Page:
Brittany Lawrence

Brittany A. Lawrence has seventeen years of writing experience under her belt. From self-publishing her first novel at fourteen; to contributing to Felt Tips an erotic anthology, her writing experience is vast. She currently lives in Denver with her husband and tortie, Midnight. You can find her writing as B. A. Lawrence on FacebookTwitterInstagram, and Pintrest.

Producing a Novel – Part 8

Overcoming the Middle Muddle

By: Donna Schlachter

The Middle of Your Novel

The middle of your novel comprises about 60% of your book and is the part of the story where stuff happens. The problem that happens in many books and movies—usually the ones we don’t finish watching or reading—is that the middle is boring. Unfortunately, the middle of our novel sometimes becomes a series of similar situations and circumstances that take up time and give the characters something to do, but doesn’t really move the story forward.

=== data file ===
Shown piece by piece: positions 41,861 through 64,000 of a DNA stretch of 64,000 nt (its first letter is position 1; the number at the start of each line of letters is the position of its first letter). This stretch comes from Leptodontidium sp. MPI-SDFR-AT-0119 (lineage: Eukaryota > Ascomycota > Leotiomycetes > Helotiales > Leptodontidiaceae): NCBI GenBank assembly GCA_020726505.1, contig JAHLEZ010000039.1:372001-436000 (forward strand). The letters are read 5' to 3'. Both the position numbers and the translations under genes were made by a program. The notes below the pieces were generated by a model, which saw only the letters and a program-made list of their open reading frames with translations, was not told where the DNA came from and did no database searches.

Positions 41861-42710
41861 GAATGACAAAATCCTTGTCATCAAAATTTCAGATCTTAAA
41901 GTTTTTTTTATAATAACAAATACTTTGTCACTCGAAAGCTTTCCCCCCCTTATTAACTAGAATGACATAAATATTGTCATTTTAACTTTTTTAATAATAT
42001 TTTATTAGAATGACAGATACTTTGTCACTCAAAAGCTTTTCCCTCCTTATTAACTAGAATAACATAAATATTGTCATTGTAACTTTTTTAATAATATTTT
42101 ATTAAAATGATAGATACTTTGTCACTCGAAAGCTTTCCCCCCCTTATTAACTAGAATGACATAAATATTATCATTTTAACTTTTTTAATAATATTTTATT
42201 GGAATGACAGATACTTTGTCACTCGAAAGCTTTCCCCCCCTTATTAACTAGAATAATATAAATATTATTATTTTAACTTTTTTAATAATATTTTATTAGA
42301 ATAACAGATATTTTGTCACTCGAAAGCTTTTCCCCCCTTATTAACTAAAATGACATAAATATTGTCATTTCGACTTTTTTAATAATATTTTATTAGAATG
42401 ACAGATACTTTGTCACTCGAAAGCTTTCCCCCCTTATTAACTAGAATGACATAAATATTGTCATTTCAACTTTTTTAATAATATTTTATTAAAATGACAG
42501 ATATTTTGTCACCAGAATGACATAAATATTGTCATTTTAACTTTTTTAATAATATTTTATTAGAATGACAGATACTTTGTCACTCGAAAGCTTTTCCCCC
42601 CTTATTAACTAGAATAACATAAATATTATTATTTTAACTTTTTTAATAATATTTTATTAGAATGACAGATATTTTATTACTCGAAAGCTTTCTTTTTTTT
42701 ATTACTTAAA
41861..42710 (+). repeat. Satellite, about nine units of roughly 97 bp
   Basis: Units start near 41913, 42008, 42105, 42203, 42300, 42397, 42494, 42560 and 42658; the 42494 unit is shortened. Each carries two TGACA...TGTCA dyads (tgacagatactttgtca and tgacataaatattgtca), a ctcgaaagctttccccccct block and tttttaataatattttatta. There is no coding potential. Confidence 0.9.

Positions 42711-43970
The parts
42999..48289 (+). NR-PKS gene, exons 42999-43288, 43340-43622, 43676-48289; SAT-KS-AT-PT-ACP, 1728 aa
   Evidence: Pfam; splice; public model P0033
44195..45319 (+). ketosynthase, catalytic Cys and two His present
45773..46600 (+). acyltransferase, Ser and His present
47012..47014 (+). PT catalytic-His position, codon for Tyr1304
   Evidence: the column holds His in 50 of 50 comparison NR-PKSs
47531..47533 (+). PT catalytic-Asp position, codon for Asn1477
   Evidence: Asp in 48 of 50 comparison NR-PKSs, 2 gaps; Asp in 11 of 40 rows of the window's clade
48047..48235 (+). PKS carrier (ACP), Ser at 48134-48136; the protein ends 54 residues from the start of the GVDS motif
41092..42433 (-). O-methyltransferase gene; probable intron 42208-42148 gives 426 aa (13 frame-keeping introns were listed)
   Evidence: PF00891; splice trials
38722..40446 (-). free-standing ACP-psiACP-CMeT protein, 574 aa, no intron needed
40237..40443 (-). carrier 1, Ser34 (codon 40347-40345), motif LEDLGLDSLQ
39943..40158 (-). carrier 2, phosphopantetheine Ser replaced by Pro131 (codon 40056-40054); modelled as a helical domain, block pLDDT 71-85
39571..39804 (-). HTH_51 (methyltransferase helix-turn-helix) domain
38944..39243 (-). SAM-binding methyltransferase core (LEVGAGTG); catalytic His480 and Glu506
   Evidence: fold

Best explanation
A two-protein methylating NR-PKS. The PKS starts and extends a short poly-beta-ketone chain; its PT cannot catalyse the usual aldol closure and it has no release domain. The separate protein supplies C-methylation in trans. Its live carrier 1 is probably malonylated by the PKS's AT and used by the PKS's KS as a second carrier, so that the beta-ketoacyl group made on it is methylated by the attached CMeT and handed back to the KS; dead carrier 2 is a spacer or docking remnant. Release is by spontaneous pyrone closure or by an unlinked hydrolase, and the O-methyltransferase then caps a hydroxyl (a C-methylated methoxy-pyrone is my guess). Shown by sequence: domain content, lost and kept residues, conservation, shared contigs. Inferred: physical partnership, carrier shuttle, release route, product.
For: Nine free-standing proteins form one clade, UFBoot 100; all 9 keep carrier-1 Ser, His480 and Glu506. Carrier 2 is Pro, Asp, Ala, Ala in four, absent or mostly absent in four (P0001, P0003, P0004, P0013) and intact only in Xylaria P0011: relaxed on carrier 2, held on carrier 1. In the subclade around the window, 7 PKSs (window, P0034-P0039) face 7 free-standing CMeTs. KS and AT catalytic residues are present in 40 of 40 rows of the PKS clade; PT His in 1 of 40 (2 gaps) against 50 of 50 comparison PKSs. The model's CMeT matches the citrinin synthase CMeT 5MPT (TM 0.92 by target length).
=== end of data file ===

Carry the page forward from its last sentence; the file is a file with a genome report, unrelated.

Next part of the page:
That’s the Middle Muddle.

Don't let your book suffer from Muddle in the Middle.


  1. We don’t know where the story is going so we ramble on and on, revealing a little more of the character’s backstory here, explaining (or excusing) their behavior because of their past over there, alluding to what might happen, what could happen, what should happen.
  2. We write more about the past than the future, or more about possibilities than actualities, that’s a sure sign of a Middle Muddle.
  3. We spend a lot of time in the middle of the book trying to figure out what genre we’re really writing in.
  4. When we don’t start the story in the right place, we spend too many chapters getting to the First Choice or the First Turning Point.

Solution 1: Make the Goals Clear